Charles Gounod

Faust

opera in three acts

Recommended age +

Dates

Libretto by Jules Barbier and Michel Carré based on the first part of Goethe's eponymous tragedy
Musical director: Andrey Ivanov
Director: Anna Motornaya
Sets and costumes: People's Artist of Russia, laureate of the State Prize of the Republic of Belarus Vyacheslav Okunev
Chorus master: People’s Artist of Belarus, laureate of the State Prize of the Republic of Belarus Nina Lomanovich
Choreography and staging: Natalia Moskvicheva
Assistant conductor: Vladimir Ovodok
Lighting designer: Anton Pomorev
Computer graphics: Evgeny Lytkin
Conductor: recipient of the Francysk Skaryna Medal Ivan Kostyakhin
Running time: 3 hours 40 minutes with two intervals
Sung in French with Russian surtitles
Premiere: 21 November 2020

PROLOGUE

 

In his declining years, an aging scholar, Dr Faust, realizes that everything he has spent his life on has not brought him the main thing: he has understood the laws of nature, but he cannot control them; he has comprehended the structure and tenets of being, but he has no satisfaction from life. Disappointment suggests the only way out - it is death. Reality abruptly intrudes into the doctor’s thoughts with the voices of the townspeople: carefree and life-loving, they glorify the beauty of the world and praise the Creator. But this joy is unattainable for Faust: what can God give him? He won’t bring him back to a full life!

 

In desperation, Faust defies the Creator and calls on Satan, but does he, a rationalist, expect that a simple word will change everything? The surrounding space suddenly transforms and fills with strange things and characters. What is it? Is it a game of inflamed consciousness, illusion, or reality? The disconcerted doctor is ready to drive away the uninvited guests. Méphistophélès offers a good deal: the fulfillment of any desires in exchange for a trifle – a soul. Faust voices his dearest wish – the return of his happy youth. The devil’s last argument is a tempting vision of the beautiful Marguerite, and the doctor signs the contract. The old man will regain his vigorous youth, and the master of the underworld will receive his soul for untimely use.

 

Faust is euphoric, Méphistophélès is intrigued. The game begins!

 

 

Act I

The year 1935.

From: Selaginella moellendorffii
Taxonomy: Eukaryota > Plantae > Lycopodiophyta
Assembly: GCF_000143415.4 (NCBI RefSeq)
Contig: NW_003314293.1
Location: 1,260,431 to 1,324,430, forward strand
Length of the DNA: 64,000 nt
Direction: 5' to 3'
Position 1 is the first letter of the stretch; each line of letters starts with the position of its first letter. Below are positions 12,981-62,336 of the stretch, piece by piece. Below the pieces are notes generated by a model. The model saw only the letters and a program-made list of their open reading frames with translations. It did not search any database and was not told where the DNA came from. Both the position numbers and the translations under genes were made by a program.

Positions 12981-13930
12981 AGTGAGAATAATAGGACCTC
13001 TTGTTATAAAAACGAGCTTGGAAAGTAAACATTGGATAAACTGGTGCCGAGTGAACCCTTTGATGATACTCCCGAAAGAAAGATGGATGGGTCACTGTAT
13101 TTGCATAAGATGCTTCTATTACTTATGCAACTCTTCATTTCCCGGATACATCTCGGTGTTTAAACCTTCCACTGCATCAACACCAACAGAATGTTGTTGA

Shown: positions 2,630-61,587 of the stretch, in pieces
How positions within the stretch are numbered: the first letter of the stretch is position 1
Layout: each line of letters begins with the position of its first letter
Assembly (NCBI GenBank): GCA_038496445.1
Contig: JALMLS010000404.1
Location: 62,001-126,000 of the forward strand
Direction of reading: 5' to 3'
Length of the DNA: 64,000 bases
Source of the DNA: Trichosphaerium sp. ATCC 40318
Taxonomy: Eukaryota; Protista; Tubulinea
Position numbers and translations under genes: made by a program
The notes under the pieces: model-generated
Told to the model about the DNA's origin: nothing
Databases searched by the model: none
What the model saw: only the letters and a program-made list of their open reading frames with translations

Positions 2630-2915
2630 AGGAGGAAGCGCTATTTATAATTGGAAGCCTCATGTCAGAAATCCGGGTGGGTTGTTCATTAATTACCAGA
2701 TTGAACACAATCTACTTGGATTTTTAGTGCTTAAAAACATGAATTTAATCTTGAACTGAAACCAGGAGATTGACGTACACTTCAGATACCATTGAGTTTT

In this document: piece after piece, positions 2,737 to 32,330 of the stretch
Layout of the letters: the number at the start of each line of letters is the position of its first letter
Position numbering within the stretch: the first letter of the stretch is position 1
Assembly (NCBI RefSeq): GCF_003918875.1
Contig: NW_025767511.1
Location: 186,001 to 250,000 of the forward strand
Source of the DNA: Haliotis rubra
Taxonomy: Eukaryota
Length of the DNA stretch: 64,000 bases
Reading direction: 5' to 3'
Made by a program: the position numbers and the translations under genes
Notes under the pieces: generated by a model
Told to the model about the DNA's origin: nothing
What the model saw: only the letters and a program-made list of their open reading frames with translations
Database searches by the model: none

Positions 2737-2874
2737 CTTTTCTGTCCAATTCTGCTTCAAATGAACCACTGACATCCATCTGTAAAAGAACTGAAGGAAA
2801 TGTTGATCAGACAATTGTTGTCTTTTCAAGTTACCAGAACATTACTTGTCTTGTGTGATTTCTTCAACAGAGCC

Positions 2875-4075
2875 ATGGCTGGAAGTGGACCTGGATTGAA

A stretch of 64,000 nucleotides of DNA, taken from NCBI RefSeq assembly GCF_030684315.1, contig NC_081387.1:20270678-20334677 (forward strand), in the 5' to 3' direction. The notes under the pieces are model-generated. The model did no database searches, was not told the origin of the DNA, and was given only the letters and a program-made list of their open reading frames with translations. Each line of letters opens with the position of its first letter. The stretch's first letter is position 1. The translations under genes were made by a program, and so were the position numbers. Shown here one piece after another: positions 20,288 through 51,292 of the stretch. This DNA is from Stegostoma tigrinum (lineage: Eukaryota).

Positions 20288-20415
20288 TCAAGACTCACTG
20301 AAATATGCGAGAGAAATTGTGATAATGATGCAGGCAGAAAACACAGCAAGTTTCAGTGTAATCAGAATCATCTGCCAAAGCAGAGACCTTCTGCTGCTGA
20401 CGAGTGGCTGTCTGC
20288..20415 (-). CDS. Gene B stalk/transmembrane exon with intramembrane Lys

There is a lot of activity at the studio; director Wagner has to film some spectacular episodes today: “The Fair” and “The Carnival” scenes for the film adaptation of the opera Faust, and an episode for The Saga of the Nibelungs. However, his plans are ruined by unforeseen circumstances. Suddenly Marguerite’s brother, Valentin, appears on the set. He is going off to war and is concerned about leaving his sister Marguerite unprotected. Marguerite gives her brother a medallion that is supposed to shield him during battles, Wagner asks Valentin not to worry unnecessarily, and Siébel, a young man in love with Marguerite, swears to Valentin that he will always watch over her. Valentin bids farewell to Marguerite.

 

Wagner persuades everyone to forget about their sorrows and sings a humorous song about a rat, but he is interrupted by Méphistophélès who suddenly emerges. Disconcerted by the appearance of a stranger, the director makes fun of him, but nothing can stop Méphistophélès who has come to have fun! Satan makes an indelible impression on everyone: they are intrigued by his song, he predicts Wagner’s imminent death, tells Siébel that flowers will wither at his touch, and treats everyone to magnificent wine that appears out of nowhere.

 

Valentin is enraged: he attacks the weird stranger, but the weapon breaks in his hand. Everyone retreats in fear, realizing who they are dealing with.

 

Yet Méphistophélès has not been prepared for such a rebuff. The appearance of Faust, demanding an immediate meeting with Marguerite, forces him to act straight away. The carnival dances a waltz, in the midst of which Marguerite appears. Faust offers her his arm, but Marguerite declines the stranger’s addresses and leaves. Faust is entranced and distressed: the girl has turned him down.